6 June – 31 August 2014
Fashion and Textile Museum
83 Bermondsey Street
When I found out about this exhibition I really wanted to go and see it. I have known the building for a long time – Designed by the Mexican architect Ricardo Legorreta it brings some exotic charm to the area. Over the years I have seen the transformation of the building of being solely the home of Zandra Rhodes and her workshop, to Newham College London organising events here. The Fashion and Textile Museum was founded in 2003 by Zandra Rhodes and is now part of Newham College London.
Having lived in Mexico I am also always keen to see exhibitions about Mexican life.
I hadn’t been to the museum for a while; the last time I went for an Awards ceremony organised by Newham College.
So I set off from my house in Stoke Newington with the bus to London Bridge and had decided to walk the last bit. This is quite an experience as so much has changed and a visit to the Museum could definitely form part of a cultural tour. After Borough Market I walked past the Shard and soon entered into the Bermondsey area.
The Museum is highly visible with its typically Mexican colour and in the entrance there is a great map showing the Fashion Heritage of the area.
The leather and wool trades, as well as hat manufacture and glue production have historic associations on Bermondsey Street. Many of these traditional industries have disappeared, but the Street is a designated conservation area and retains much of its architectural character. A number of artists and creative industries are now based here If you want to do the Heritage Trail, you can find further information and a downloadable map here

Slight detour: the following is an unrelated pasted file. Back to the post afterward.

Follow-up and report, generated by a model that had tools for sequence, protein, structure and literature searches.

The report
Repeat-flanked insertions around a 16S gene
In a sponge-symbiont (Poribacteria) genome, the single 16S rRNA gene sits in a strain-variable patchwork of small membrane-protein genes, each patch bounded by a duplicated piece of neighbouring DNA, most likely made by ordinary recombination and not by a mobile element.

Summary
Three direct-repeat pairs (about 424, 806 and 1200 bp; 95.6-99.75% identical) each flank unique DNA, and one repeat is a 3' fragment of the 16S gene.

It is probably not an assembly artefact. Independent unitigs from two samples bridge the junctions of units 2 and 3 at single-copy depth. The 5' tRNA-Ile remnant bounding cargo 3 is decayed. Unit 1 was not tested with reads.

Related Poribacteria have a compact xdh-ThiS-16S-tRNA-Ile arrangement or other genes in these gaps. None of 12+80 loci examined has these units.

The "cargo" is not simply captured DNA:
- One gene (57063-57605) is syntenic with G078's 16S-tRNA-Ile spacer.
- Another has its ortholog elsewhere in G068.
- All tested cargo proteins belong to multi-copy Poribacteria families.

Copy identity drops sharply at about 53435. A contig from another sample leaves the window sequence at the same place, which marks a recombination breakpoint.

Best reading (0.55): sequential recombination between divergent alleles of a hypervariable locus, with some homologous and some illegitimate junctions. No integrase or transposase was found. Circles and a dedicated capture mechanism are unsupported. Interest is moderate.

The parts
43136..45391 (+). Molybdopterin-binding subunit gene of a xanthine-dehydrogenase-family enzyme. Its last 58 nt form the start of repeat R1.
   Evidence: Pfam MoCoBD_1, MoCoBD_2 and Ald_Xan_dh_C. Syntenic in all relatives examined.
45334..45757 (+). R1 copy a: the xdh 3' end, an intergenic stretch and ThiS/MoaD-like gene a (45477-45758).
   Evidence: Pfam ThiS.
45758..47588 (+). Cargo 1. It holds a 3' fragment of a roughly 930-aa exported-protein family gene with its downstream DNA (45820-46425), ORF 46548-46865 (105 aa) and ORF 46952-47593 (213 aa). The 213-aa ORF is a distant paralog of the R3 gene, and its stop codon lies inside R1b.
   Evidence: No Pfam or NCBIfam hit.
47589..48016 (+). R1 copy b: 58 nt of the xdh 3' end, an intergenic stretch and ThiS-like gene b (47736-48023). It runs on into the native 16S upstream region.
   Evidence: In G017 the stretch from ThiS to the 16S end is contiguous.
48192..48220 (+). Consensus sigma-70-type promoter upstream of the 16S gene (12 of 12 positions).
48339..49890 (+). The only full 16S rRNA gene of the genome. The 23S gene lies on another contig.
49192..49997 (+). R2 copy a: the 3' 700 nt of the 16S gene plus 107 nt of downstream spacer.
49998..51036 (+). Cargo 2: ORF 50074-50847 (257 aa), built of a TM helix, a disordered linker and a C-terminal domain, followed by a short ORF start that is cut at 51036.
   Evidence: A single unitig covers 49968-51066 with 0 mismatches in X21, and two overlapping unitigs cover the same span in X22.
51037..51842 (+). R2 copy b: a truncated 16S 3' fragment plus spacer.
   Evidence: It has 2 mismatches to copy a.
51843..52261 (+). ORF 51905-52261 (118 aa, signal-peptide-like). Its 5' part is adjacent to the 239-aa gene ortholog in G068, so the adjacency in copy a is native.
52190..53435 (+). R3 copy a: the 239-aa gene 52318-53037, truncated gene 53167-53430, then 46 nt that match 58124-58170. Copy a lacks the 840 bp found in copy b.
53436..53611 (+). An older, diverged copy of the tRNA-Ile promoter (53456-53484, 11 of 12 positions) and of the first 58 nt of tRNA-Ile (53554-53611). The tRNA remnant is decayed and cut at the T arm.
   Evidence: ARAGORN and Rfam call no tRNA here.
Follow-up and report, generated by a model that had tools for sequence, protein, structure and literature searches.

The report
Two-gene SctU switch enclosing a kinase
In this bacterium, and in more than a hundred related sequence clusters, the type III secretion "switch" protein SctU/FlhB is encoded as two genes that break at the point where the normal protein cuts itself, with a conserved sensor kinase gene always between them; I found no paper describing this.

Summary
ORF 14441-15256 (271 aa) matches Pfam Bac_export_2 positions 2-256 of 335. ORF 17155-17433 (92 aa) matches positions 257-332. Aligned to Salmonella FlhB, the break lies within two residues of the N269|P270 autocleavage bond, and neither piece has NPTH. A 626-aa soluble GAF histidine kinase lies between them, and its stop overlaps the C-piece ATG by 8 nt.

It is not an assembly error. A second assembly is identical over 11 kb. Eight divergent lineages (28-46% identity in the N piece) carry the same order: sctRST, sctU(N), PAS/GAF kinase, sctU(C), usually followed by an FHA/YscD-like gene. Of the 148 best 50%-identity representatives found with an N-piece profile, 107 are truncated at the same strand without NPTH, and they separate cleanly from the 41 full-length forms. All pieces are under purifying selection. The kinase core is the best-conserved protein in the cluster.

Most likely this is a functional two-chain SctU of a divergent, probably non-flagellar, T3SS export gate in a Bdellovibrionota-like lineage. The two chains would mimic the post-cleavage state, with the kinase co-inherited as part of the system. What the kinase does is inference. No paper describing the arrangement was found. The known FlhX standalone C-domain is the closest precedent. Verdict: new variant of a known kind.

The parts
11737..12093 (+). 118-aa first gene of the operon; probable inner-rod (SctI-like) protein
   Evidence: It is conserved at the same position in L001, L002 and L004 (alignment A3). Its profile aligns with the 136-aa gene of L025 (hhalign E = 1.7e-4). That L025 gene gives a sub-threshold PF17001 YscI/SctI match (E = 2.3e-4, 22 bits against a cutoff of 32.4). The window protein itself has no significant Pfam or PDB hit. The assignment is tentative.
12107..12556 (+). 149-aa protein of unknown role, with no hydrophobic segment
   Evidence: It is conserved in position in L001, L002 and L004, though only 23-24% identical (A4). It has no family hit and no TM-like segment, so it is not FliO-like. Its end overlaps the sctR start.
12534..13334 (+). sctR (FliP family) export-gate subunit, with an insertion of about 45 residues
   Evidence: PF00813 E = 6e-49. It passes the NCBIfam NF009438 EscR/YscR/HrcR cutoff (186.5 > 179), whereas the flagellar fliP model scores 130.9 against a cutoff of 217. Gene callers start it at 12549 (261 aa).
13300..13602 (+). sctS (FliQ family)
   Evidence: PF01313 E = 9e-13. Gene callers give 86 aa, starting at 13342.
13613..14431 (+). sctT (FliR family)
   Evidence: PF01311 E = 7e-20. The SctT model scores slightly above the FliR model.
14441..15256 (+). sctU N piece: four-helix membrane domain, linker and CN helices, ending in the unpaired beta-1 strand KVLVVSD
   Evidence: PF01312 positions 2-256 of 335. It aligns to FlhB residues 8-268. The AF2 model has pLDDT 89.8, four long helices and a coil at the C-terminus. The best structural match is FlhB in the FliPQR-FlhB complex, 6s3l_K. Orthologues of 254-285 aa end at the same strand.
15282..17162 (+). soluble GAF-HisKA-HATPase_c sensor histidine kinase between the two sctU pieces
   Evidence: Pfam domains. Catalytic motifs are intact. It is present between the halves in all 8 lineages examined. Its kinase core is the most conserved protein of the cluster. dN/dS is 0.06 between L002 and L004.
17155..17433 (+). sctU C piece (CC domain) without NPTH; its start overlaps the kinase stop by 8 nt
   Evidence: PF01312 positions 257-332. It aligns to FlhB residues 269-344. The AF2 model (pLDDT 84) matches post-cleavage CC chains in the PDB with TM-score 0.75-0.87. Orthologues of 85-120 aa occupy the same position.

The exhibition was a delight. It not only showed the rebozos and how so many Mexican wear one, from Fryda Kahlo to the farmers and designers today, but it also showed a taste of the Mexican life which is reflected in the crafts, modern designs as well as the typical Mexican colours.
The exhibition explores the key role textiles have played in promoting Mexican culture worldwide from the 17th century to the present day.
Throughout its history the rebozo has been appropriated by revolutionaries, artists, writers and collectors who have helped to shape the garment into a symbol of Mexican culture and identity.
In Spanish the word rebozo suggests the act of covering or protecting yourself.
The most famous person was artist Frida Kahlo (1907-54) who embraced traditional costumes as a political statement of solidarity with the workers of her country.
Still woven using traditional techniques, the rebozo remains an important part of contemporary Mexican life and it is celebrated because of the indigenous craft skills that are involved in its production.
The exhibition area very much complemented the exhibition with its unique colour scheme.
The curation was in the hands of a Mexican who had done a superb job.
It was also great to see a ‘shrine’ to the architect of the building, Ricardo Ligoretto.
I ended up in the café of the museum before heading home after a very rewarding afternoon.
Well worth a visit.
Mexican Greetings Cards, Wednesday 20 August, 2.30